Adding the conductive carbon is a sort of specialization. I’m not sure if it’s cost effective for small quantities. Maybe it’s simpler to use gold plating. KiCad also does not have a method to embed this information in the project, so you should discuss this with your PCB manufacturer before you design the PCB.

1 Like

Maybe the carbon is on a rubber diaphragm and used to short out the copper (maybe plated) fingers, such as a commercial TV remote transmitter.
@PsychoMario has yet to clarify the construction.

1 Like

Psychomario posted links to a (quite big) picture. Apparently from a (musical) keyboard with a row of 25 switches. A part of his photograph looks like:

So it looks like the carbon is deposited directly on the fingers and it’s main use is only to prevent the copper from oxidizing and provide a good contact. I’m guessing the vertical bars are just black silk screen paint and not carbon.

In mass production, carbon bridges are sometimes used as “wires” on single sided PCB’s, or even directly as resistors.

1 Like

@paulvdh , sorry, I hadn’t gone to the links.

1 Like

Just wanted to drop my gratitude to those who replied to the topic, and sorry for the late reply. your guidance’s helping me a lot as I now have designed both symbols and footprints for the contacts and I’m in tracing phase of the schematics.

Yes, that’s exactly the case.

As for the “contact” footprint, I’ve designed it in kicad v.6 footprint editor using 3 SMD pads with F.Cu layer on them with the technical layers “F.Paste” unchecked and “F.Masked” checked cause I don’t want any solder mask and solder paster on the contacts according to the the descriptions of F.Paste & F.Mask here:

I tried to fill the pads with another layer to later define it as “conductive carbon” or “gold plating” just as @paulvdh mentioned. but none of them except F.Cu and silkscreen seems to be shown and printed properly in the output 3d model; I guess I should just use a “user layer” for them and then contact manufacturer to put gold or carbon on all user layers? Right?
And as for each contact I renamed their value properties to match the key sound they produce (e.g: F#5) and in order to do so I changed the value layer from F.Fab to F.silkscreen; because in the output model F.silkscreen got printed but F.Fab didn’t and I also want the text (e.g: F#5) to be printed in the final pcb product bellow every contact.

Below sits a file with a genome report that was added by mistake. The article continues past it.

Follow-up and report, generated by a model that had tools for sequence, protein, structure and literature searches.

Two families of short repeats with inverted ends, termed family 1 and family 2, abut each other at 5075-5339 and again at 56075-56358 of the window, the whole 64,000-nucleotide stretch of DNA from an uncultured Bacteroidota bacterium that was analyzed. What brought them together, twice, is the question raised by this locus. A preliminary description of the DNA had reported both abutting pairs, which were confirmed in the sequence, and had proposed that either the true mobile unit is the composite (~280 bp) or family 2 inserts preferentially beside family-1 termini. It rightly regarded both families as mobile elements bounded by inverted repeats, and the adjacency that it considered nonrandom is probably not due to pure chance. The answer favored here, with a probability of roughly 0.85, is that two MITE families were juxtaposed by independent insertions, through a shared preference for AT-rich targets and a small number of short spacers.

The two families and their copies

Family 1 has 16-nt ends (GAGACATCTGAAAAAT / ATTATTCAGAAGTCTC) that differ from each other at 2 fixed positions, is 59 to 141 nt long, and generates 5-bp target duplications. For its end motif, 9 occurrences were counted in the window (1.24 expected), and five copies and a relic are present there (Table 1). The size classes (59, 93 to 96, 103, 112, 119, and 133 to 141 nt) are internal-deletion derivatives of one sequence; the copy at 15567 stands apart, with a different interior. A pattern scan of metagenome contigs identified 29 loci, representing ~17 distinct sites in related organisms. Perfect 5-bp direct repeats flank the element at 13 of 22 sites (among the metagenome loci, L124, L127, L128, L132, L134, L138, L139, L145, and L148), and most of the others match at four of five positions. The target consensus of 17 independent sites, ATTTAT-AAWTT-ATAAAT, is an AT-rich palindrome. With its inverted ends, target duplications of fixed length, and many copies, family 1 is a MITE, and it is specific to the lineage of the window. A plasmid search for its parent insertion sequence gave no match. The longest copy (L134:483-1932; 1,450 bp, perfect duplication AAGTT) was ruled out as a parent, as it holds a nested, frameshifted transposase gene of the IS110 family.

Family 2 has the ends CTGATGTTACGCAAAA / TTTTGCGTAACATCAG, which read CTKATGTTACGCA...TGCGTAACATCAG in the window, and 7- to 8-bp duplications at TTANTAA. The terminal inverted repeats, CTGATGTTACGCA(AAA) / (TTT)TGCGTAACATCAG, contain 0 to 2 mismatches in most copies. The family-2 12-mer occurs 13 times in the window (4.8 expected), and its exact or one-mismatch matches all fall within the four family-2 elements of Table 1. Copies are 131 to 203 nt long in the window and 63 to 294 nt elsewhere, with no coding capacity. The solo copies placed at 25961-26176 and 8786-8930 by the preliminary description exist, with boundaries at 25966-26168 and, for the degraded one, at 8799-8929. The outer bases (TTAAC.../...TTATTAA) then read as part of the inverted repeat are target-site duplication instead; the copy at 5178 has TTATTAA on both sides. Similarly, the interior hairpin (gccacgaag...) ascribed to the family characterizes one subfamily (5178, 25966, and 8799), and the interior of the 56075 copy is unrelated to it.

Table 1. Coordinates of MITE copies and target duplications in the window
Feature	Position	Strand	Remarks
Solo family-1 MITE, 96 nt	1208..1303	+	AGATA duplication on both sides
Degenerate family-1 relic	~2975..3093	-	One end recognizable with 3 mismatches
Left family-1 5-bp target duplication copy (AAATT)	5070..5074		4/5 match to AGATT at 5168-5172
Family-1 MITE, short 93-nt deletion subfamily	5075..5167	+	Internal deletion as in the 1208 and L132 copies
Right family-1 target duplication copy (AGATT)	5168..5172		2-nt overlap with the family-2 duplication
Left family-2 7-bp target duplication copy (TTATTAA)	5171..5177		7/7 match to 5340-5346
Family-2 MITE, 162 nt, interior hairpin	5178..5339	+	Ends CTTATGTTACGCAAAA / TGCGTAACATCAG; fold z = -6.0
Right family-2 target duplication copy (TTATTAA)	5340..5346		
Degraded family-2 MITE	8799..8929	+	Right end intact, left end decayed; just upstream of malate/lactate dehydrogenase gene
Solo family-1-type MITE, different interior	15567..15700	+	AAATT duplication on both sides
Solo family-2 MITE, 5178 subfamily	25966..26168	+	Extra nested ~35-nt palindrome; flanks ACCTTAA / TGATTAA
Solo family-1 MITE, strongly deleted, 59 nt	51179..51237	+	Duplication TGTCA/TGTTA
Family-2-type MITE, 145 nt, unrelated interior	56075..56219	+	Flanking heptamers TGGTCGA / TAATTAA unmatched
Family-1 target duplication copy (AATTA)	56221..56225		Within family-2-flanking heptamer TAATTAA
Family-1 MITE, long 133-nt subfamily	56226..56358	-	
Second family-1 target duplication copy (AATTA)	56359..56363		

Don’t know it was the right thing to do nor do know the exact purpose of F.Fab layer, which again I’m asking your advice on the matter. Not to mention F.Fab was the default layer for value text.
Also wanted to know what’s the purpose of “fabrication property” option in the pad properties panel: BGA, fiducial, test point, heat sink, ...

There’s still an issue regarding a specific 3d model connector that I wanna use in the project;
most of the 3d models for connectors are missing showing a red cross on the left side of their footprint properties stating file not found. Is there sth wrong with my version of software or is this normal that some footprints don’t have any 3d model? (see bellow pic):

The connectors which I wanna use are sth like this (bellow pic), including 5 & 12 pins and have a sliding part above them for a ribbon cable to go through and stick inside. (CN1, CN3, CN4 … + a picture of pcb’s backside where connectors are soldered):

the picture of the ribbon cable that sticks inside the 12 pin connector :

Is there any specific connector exactly like that in footprint library or I should go for a similar component?

Though I found sth close to it which luckily has a 3d model (PinSocket_1x05_P1.00mm_Vertical):
PinSocket 5

Again thanks in advance for your thoughts on the matter and sorry for the fact that this reply was longer than the OG topic.